Legend has it that Australian engineer Phil Irving placed a
tracing of the Vincent 500 motor on top of a drawing of the same motor
in such a manner that it formed a 47° V twin. True or not, there was
an excellent reason for the chosen angle in that tooling costs for the
new motor could be kept to a minimum.
Prior to WWII, Phil Vincent bought the rights to the Howard R. Davies
company, (founded in 1924?), and adopted the name Vincent-HRD for his entry
into the British motorcycle market. Other than the name, there was little
similarity between the HRD and the new model, a J.A.P. powered single released
The new Rapide was announced to the world in 1937. One statement in
the press read: 'The idea behind the design, is the production
of an exceptionally lively, high-performance mount with the same superb
handling as the smaller models in the range. Not only this, but the makers
have aimed at providing a 100 mph machine that is docile and does not rely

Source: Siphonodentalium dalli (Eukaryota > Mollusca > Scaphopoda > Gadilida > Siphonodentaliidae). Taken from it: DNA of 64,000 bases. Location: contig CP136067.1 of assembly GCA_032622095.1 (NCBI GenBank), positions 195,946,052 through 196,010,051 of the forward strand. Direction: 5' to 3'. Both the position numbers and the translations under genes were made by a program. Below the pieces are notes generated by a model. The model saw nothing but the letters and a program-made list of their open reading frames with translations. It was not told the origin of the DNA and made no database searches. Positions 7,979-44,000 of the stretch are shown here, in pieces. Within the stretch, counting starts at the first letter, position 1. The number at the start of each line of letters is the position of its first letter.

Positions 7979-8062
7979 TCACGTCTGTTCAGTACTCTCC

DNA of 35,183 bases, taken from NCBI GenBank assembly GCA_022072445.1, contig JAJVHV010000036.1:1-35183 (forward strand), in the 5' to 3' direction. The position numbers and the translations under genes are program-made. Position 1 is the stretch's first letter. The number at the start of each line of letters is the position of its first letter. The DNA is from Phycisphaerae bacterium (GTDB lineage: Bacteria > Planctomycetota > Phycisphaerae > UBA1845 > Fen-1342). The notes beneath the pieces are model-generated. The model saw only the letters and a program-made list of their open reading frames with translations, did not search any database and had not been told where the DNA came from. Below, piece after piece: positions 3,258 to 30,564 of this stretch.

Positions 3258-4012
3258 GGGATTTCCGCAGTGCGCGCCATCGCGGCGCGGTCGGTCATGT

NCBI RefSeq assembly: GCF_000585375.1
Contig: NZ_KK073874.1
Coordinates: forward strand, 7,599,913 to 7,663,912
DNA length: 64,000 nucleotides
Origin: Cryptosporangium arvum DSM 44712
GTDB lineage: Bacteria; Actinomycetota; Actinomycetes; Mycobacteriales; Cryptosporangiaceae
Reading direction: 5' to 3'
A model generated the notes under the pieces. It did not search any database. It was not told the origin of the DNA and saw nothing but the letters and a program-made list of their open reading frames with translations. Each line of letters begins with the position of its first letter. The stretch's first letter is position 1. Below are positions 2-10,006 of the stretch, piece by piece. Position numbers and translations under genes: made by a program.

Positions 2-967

on supertuning for its out-of-the-ordinary capabilities or require an ultra-high
The Series A Rapide had many innovations, not least of which was the
cantilever rear springing system already proven on the single-cylinder
Vincent HRDs. Decades later Yamaha introduced their monoshock system -
for all intents and purposes a straight copy of the Vincent system. The
Rapide's other features included a stainless steel tank, twin brakes on
both wheels, and a duplex primary chain connecting the powerful V twin
engine to the Burman four speed gearbox.
These machines proved fast and reliable, and sold reasonably well up
until the onset of war in 1939. The Series B Rapide was announced in 1945,
very shortly after the war's end. The new machine had many refinements
and changes including a 50° cylinder angle and internal oil galleries.
This basic layout was retained for the C and D models, the last of which
was built in 1955.